Blanca and Roja by Anna-Marie McLemore (Review)

PUB. DATE: October 9, 2018

Genres: Magical Realism, Young Adult, Fantasy 

Summary: The biggest lie of all is the story you think you already know.

The del Cisne girls have never just been sisters; they’re also rivals, Blanca as obedient and graceful as Roja is vicious and manipulative. They know that, because of a generations-old spell, their family is bound to a bevy of swans deep in the woods. They know that, one day, the swans will pull them into a dangerous game that will leave one of them a girl, and trap the other in the body of a swan.

But when two local boys become drawn into the game, the swans’ spell intertwines with the strange and unpredictable magic lacing the woods, and all four of their fates depend on facing truths that could either save or destroy them. Blanca & Roja is the captivating story of sisters, friendship, love, hatred, and the price we pay to protect our hearts.

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Food and Fiction: Simon Vs. the Oreo Cake


Simon vs. the Homo Sapiens Agenda | Chocolate Oreo Cake

In Becky Albertalli’s novel, Simon vs. the Homo Sapiens Agenda, the main character Simon is obsessed with Oreos. It is his favorite snack and he loves to talk about them with his crush, Blue. So when I decided to make an Oreo Cake, I had to relate it back to this heartwarming novel. Read More »

The Girl With the Red Balloon by Katherine Locke (Review)

34448522DIVERSE READ: #Ownvoices Jewish MC* + Romani MC

Rating: ★★★★★

Genres: Young Adult, Historical Fiction, Fantasy

Summary: When sixteen-year-old Ellie Baum accidentally time-travels via red balloon to 1988 East Berlin, she’s caught up in a conspiracy of history and magic. She meets members of an underground guild in East Berlin who use balloons and magic to help people escape over the Wall—but even to the balloon makers, Ellie’s time travel is a mystery. When it becomes clear that someone is using dark magic to change history, Ellie must risk everything—including her only way home—to stop the process.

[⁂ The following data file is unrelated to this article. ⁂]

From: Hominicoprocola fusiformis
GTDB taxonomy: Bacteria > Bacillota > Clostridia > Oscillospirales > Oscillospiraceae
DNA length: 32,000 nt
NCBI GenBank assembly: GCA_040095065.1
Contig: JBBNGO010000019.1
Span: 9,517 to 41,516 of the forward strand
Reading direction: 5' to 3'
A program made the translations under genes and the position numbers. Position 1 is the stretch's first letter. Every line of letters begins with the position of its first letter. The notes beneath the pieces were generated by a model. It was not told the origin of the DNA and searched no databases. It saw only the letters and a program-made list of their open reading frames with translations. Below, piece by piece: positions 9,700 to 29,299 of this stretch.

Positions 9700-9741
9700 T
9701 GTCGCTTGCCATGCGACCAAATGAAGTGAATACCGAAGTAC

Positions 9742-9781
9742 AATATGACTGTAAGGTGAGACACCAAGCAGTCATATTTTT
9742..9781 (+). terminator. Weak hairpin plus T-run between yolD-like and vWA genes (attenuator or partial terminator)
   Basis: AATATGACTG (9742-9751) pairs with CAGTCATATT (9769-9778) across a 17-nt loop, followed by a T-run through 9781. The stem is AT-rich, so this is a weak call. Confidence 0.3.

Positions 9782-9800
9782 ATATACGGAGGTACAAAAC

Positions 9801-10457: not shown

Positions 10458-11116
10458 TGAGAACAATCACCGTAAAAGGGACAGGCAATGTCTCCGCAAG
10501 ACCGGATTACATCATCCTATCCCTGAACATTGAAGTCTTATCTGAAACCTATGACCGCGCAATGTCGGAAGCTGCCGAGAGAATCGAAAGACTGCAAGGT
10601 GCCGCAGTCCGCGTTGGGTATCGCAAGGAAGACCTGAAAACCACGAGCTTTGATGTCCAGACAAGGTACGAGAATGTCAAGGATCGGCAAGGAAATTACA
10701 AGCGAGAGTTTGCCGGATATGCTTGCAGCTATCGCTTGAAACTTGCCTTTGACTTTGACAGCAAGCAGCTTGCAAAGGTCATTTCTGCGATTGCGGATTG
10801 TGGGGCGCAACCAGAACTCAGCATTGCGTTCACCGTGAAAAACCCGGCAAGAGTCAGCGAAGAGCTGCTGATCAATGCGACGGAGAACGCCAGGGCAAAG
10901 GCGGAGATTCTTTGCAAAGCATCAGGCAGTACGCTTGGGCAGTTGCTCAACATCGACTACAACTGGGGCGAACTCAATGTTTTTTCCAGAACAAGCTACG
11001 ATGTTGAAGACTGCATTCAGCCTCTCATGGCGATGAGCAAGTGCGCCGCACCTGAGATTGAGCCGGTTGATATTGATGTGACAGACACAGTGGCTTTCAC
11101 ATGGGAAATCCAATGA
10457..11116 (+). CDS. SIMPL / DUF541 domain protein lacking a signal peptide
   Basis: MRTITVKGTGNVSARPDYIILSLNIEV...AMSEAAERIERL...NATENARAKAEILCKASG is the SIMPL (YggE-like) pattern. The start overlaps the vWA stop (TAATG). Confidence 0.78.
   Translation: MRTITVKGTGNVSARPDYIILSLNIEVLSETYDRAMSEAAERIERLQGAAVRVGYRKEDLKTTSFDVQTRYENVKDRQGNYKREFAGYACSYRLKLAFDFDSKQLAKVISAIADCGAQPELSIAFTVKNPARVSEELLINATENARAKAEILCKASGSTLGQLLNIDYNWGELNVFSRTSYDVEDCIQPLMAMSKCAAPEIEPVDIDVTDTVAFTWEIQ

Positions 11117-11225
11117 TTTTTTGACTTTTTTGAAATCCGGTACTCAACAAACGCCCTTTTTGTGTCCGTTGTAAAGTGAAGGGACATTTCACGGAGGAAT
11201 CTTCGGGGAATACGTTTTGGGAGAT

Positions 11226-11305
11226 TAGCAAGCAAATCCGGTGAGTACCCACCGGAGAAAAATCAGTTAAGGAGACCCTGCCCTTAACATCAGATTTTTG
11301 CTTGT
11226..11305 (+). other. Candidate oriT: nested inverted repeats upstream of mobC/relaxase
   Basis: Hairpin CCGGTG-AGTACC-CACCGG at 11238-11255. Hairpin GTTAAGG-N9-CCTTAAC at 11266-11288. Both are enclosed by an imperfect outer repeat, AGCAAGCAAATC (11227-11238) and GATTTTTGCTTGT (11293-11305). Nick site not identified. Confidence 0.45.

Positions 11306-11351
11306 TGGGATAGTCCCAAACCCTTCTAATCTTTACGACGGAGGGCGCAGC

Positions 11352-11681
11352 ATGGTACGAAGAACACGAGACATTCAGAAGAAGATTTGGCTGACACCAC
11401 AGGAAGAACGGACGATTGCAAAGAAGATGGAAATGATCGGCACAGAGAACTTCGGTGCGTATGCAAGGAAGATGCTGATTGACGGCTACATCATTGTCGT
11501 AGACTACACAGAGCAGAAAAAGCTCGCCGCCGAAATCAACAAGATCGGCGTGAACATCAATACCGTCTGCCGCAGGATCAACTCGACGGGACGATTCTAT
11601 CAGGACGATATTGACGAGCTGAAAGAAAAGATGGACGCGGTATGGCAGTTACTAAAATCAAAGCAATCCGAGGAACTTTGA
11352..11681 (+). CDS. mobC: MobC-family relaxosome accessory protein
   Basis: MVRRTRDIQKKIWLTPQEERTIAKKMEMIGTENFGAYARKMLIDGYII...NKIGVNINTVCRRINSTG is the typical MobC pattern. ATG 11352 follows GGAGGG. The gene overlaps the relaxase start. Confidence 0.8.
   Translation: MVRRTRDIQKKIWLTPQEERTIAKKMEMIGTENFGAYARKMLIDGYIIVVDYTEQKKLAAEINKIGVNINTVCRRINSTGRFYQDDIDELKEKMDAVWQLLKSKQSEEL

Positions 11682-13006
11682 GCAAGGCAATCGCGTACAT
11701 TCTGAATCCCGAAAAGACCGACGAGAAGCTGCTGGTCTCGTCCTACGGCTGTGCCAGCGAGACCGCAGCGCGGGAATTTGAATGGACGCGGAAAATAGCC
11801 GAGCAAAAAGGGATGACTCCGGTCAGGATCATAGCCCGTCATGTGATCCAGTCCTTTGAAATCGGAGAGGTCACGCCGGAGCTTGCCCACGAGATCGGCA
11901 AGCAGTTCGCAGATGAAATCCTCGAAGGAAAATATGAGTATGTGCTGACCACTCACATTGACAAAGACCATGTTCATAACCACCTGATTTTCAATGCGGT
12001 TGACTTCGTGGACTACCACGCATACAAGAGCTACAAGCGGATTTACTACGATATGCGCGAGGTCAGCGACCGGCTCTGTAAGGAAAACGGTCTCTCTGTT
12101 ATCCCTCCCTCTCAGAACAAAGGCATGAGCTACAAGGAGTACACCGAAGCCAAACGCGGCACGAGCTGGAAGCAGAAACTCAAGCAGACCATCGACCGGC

My thoughts: The Girl With the Red Balloon is officially one of my favorite novels of 2017. I didn’t realize how much it would impact me, but it managed to find a place in my heart through its powerful message and heartwarming characters that I never wanted to stop reading about. This fantastic story follows 3 POVs*, two taking place during 1988 in East Berlin, and the other taking place during 1942 in a ghetto in Poland. Majority of this novel focuses around Ellie, who accidentally time travels back to East Berlin with the help of a magical red balloon, but it also follows a character living in a ghetto in Poland during WWII. Both narratives are so well written and deliver a powerful story showcasing the horrors of WWII and the equally troublesome times that followed after the war ended. Read More »

I Am Not Your Perfect Mexican Daughter by Erika L. Sánchez (REVIEW)

DIVERSE READ29010395.jpg: Mexican-American MC + low income household + depression / anxiety rep.

Rating: ★★★★☆

Genres: Young Adult, Contemporary

Synopsis: Perfect Mexican daughters do not go away to college. And they do not move out of their parents’ house after high school graduation. Perfect Mexican daughters never abandon their family.

But Julia is not your perfect Mexican daughter. That was Olga’s role.

Then a tragic accident on the busiest street in Chicago leaves Olga dead and Julia left behind to reassemble the shattered pieces of her family. And no one seems to acknowledge that Julia is broken, too. Instead, her mother seems to channel her grief into pointing out every possible way Julia has failed.

But it’s not long before Julia discovers that Olga might not have been as perfect as everyone thought. With the help of her best friend Lorena, and her first kiss, first love, first everything boyfriend Connor, Julia is determined to find out. Was Olga really what she seemed? Or was there more to her sister’s story? And either way, how can Julia even attempt to live up to a seemingly impossible ideal?

My thoughts: I am Not Your Perfect Mexican Daughter is a hilarious and striking contemporary novel following a young Mexican-American girl after her sister has passed away. She has to face the fact that her mother doesn’t think she’s good enough and her father who ignores her. This novel follows the life of a teen living in Chicago as she deals with depression, anxiety, loss, change, and college applications. Told in a witty and raw way, this story kept my attention from the moment it began and left me wanting more. 

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Wild Beauty by Anna-Marie McLemore (Review)

33158561.jpgDIVERSE READ: Latinx characters + Bisexual MC + Genderqueer side character

Rating: ★★★★★

Genres: Fantasy, Young Adult, Romance, LGBTQIAP+

Summary: Love grows such strange things.